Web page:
Public unions and politians want us IL taxpayers to believe we have skipped paying money to TRS and other pension funds, and that is why there is a huge unfunded liability today. NOT TRUE.
    for more info, , google ” Affect of Past Salary Spiking on Pension Finances Mark Evenson ”

    In 2003 teachers contributed $0.732 billion towards their pension and IL taxpayers contributed $1.02 billion.
    In 2002 teachers $0.681 billion taxpayers contributed $0.9 billion.
    In 2001 teachers $0.643 billion taxpayers contributed $.82 billion
    In 2000 teachers $0.6 billion, taxpayers contributed $0.7 billion
    In 1999 teachers $0.86 billion , taxpayers contributed $ 0.63 billion.
    In 1998 teachers $0.44 billion, taxpayers contributed $0.5 billion.
    In 1997 teachers $0.41 billion, taxpayers contributed $0.42 billion.
    Looking at data all the way back to 1981, Illinois taxpayers have contributed 1.7 times more $ to TRS teachers pensions then the teachers themselves. Missed payments from us taxpayers is not the reason the teachers pension fund will run out of money.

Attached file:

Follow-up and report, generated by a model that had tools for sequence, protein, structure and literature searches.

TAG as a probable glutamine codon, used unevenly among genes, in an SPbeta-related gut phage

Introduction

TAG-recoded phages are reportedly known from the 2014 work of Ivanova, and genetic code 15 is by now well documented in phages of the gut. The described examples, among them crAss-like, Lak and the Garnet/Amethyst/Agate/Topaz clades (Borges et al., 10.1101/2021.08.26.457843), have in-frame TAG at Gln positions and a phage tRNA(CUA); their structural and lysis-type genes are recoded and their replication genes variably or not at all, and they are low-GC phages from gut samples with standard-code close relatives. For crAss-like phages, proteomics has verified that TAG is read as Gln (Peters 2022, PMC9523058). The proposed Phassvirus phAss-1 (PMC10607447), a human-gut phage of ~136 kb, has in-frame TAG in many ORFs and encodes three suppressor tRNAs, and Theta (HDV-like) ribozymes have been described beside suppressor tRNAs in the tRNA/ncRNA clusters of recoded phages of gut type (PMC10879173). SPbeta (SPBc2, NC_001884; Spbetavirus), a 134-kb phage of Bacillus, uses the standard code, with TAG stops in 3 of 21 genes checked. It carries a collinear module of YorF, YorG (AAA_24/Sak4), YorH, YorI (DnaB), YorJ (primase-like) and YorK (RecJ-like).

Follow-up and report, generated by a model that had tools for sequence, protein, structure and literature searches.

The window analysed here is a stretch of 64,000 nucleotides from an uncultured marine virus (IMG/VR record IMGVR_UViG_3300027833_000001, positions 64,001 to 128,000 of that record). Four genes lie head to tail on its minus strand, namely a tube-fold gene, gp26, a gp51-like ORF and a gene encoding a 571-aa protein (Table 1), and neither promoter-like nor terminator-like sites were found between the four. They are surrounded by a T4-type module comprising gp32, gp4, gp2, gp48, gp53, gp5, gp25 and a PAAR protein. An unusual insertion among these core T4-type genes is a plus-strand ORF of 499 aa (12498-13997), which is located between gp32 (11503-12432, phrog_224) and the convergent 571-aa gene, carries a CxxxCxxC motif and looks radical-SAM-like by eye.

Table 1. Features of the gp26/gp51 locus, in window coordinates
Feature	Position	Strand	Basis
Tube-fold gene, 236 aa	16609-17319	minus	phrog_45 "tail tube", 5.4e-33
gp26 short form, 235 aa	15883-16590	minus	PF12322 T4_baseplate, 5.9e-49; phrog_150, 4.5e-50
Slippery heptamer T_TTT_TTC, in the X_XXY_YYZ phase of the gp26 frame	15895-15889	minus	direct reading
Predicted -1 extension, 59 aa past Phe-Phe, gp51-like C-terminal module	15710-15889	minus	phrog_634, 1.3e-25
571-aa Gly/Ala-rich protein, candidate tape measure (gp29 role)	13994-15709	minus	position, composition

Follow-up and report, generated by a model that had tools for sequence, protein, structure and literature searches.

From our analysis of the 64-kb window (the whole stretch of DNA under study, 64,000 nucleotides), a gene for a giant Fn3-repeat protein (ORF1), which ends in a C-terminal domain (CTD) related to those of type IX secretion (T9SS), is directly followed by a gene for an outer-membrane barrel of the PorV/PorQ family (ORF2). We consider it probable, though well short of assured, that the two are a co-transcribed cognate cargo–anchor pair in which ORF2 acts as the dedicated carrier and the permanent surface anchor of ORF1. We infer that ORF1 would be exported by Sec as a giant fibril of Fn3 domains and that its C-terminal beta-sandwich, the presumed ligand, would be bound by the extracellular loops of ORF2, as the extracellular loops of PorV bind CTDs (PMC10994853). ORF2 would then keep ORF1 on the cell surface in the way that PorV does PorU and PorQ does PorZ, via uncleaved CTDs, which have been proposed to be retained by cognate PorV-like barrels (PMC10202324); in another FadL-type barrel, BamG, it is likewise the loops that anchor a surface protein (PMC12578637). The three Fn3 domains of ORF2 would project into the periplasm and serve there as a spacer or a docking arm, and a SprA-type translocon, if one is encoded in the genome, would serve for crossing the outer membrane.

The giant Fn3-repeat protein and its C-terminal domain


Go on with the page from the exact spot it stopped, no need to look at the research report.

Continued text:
• Pete Collins

    ED, Could the public union negotiators, and spiked pension be responsibe for this pension crisis??

    The teachers are good. The taxpayer matched the teachers contributions, AND 1.7 time more.

    The public union contract negotiators forced deals upon local school boards that us taxpayers could not afford. If the school did not agree, the union negotiators forced the good teachers to strike against the schools, holding our kids hostage.
    For example, earlier this year, the Dixon IL school board wanted to reduce the last 4 years of automatic, extra 6 percent raisies before a teacher retires. ( in addition to normal annual raises). But obvioulsy the teacher union negotiators said NO, and then the Dixon public teachers union went on strike ,
    How do we hold the public unions and thier negotiators responsible??? The teachers are not resposible and the taxpayers are not responsible.

    http://eagnews.org/illinois-teachers-go-on-strike-because-district-wont-fund-a-30-percent-raise/

  • Pete Collins

    ED, the reason pension money is flowing out faster then expected is SPIKED pensions. Public union negotiators are responsible for spiking teachers pensions.